Simvastatin profoundly impairs energy metabolism in primary human muscle cells

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Mäkinen , S , Datta , N , Nguyen , Y H , Kyrylenko , P , Laakso , M & Koistinen , H A 2020 , ' Simvastatin profoundly impairs energy metabolism in primary human muscle cells ' , Endocrine Connections , vol. 9 , no. 11 , pp. 1103-1113 . https://doi.org/10.1530/EC-20-0444

Title: Simvastatin profoundly impairs energy metabolism in primary human muscle cells
Author: Mäkinen, Selina; Datta, Neeta; Nguyen, Yen H.; Kyrylenko, Petro; Laakso, Markku; Koistinen, Heikki A.
Contributor: University of Helsinki, HUS Internal Medicine and Rehabilitation
University of Helsinki, Medicum
University of Helsinki, Minerva Foundation Institute for Medical Research
University of Helsinki, HUS Internal Medicine and Rehabilitation
Date: 2020-11
Language: eng
Number of pages: 11
Belongs to series: Endocrine Connections
ISSN: 2049-3614
URI: http://hdl.handle.net/10138/324510
Abstract: Objectives: Simvastatin use is associated with muscular side effects, and increased risk for type 2 diabetes (T2D). In clinical use, simvastatin is administered in inactive lipophilic lactone-form, which is then converted to active acid-form in the body. Here, we have investigated if lactone- and acid-form simvastatin differentially affect glucose metabolism and mitochondrial respiration in primary human skeletal muscle cells. Methods: Muscle cells were exposed separately to lactone- and acid-form simvastatin for 48 h. After pre-exposure, glucose uptake and glycogen synthesis were measured using radioactive tracers; insulin signalling was detected with Western blotting; and glycolysis, mitochondrial oxygen consumption and ATP production were measured with Seahorse XF(e)96 analyzer. Results: Lactone-form simvastatin increased glucose uptake and glycogen synthesis, whereas acid-form simvastatin did not affect glucose uptake and decreased glycogen synthesis. Phosphorylation of insulin signalling targets Akt substrate 160 kDa (AS160) and glycogen synthase kinase 3 beta (GSK3 beta) was upregulated with lactone-, but not with acid-form simvastatin. Exposure to both forms of simvastatin led to a decrease in glycolysis and glycolytic capacity, as well as to a decrease in mitochondrial respiration and ATP production. Conclusions: These data suggest that lactone- and acid-forms of simvastatin exhibit differential effects on non-oxidative glucose metabolism as lacto ne-form increases and acid-form impairs glucose storage into glycogen, suggesting impaired insulin sensitivity in response to acid-form simvastatin. Both forms profoundly impair oxidative glucose metabolism and energy production in human skeletal muscle cells. These effects may contribute to muscular side effects and risk for T2D observed with simvastatin use.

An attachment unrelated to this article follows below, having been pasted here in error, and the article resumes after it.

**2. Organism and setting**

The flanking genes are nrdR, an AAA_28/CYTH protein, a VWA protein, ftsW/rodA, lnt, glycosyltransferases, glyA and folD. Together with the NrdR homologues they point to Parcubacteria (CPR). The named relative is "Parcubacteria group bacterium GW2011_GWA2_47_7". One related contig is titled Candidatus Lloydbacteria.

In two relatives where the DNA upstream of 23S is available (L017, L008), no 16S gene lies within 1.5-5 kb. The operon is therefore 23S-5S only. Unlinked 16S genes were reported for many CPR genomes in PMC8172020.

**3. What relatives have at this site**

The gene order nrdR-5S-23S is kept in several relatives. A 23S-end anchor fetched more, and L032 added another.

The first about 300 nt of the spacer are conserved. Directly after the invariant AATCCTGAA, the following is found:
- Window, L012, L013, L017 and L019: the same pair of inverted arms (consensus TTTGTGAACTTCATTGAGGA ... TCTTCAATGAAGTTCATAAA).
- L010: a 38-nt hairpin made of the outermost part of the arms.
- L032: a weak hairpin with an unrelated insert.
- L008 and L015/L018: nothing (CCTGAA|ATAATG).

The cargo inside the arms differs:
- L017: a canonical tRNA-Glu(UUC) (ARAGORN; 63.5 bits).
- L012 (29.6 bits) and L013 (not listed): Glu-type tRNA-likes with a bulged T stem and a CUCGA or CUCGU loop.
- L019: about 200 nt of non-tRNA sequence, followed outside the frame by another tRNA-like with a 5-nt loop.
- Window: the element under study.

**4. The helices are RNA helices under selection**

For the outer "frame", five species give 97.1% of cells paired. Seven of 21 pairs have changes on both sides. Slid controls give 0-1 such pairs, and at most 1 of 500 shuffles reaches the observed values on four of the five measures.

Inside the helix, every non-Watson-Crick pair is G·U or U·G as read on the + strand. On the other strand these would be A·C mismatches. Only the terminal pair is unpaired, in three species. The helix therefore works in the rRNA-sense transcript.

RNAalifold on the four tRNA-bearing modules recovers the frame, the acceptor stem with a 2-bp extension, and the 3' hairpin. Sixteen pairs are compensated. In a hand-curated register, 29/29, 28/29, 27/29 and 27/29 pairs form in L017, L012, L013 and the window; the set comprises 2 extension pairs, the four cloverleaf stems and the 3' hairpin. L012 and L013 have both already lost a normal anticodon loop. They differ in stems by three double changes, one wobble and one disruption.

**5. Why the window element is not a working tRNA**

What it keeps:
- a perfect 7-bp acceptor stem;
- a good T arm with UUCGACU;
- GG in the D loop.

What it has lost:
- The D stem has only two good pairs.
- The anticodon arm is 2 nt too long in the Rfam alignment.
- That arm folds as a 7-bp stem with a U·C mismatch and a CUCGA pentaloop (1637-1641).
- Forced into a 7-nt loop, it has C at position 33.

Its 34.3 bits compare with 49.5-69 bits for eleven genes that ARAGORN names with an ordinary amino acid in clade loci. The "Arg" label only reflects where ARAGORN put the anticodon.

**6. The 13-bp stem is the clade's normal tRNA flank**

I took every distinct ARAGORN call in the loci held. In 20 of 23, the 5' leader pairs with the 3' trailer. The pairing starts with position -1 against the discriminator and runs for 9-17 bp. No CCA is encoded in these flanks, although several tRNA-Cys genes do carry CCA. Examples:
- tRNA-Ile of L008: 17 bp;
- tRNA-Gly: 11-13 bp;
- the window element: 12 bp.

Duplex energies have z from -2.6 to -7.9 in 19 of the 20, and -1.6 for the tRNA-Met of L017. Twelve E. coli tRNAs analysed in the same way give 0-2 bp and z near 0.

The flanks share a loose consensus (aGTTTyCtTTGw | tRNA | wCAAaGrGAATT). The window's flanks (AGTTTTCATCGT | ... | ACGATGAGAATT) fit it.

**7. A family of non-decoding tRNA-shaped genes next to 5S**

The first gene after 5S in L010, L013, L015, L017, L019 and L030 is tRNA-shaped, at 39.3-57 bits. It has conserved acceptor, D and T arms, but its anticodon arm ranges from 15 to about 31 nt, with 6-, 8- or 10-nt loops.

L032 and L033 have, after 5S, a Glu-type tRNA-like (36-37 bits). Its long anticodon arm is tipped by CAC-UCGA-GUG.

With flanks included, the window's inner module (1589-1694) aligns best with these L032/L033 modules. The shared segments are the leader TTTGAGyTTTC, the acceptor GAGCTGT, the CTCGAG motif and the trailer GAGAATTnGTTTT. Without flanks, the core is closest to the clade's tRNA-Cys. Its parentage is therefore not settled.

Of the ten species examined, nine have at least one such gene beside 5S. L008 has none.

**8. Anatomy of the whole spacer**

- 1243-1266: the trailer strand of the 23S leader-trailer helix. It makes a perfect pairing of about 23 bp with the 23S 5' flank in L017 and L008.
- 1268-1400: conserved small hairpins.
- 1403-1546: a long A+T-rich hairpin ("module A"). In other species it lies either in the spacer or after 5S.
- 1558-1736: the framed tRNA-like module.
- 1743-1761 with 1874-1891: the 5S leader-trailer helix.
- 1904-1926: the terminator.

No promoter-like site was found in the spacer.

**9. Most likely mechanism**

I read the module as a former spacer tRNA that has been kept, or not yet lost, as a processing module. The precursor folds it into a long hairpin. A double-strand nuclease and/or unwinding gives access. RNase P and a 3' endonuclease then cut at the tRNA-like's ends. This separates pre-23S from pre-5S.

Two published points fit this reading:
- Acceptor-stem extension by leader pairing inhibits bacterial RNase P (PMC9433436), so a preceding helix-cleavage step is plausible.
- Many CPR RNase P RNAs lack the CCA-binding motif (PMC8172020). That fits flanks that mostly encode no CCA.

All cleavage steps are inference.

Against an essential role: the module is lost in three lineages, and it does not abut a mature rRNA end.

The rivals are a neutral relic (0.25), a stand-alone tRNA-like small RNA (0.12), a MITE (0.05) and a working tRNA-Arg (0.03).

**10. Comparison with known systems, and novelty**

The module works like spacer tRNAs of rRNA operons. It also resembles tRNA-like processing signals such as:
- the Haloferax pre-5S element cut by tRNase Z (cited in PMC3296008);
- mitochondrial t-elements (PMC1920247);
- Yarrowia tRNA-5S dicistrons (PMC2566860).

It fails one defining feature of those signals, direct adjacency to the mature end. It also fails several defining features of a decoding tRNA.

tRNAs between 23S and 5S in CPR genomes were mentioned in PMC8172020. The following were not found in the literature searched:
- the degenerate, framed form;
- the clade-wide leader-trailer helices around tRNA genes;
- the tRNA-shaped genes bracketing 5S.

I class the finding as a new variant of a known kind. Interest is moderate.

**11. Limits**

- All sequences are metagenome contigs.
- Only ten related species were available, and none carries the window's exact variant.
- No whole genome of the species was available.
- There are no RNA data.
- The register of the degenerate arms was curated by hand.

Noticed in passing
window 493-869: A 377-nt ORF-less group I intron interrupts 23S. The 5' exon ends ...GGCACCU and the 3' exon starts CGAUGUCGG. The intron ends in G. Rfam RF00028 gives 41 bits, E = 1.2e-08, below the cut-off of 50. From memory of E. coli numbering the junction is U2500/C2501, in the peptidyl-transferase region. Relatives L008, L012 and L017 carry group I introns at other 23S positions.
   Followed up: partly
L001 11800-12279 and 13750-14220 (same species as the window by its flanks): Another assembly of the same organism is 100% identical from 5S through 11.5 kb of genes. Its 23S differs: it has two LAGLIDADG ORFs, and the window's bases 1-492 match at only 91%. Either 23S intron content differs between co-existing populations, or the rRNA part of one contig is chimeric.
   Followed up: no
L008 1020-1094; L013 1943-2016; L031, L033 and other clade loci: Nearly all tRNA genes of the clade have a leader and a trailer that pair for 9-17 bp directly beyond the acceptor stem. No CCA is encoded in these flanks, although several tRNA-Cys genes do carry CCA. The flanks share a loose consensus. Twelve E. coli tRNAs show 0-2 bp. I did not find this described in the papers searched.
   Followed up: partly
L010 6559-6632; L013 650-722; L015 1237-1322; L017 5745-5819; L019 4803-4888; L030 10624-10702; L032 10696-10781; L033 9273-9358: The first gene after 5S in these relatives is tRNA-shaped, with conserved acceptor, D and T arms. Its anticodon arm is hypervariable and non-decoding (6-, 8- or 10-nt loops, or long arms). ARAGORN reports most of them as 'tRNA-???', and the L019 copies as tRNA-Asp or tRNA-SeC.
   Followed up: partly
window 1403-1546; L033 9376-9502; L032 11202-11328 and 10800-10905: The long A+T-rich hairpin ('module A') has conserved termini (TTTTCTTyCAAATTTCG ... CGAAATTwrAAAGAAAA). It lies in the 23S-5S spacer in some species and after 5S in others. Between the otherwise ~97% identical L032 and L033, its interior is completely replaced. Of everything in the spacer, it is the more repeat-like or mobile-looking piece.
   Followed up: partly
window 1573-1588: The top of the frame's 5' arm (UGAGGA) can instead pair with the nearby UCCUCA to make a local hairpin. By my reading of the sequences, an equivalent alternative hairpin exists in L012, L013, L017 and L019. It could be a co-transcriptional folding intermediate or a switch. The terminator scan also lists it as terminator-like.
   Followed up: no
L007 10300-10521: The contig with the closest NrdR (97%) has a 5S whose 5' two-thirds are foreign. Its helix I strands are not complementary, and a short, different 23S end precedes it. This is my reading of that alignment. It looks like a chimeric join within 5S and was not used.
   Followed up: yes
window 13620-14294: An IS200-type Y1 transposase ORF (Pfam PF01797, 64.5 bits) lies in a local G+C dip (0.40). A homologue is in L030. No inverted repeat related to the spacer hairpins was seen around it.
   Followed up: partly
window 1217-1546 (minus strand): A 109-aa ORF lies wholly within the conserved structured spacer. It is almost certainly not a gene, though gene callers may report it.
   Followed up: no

Subject: ATP production
glucose uptake
glycogen synthesis
glycolysis
HMG-CoA reductase inhibitor
insulin resistance
mitochondrial respiration
simvastatin
skeletal muscle
PROTEIN-KINASE-C
SKELETAL-MUSCLE
GLUCOSE-UPTAKE
CARDIOVASCULAR-DISEASE
STATINS
GLUT4
ACID
PHOSPHORYLATION
RESPIRATION
EXPRESSION
3121 General medicine, internal medicine and other clinical medicine
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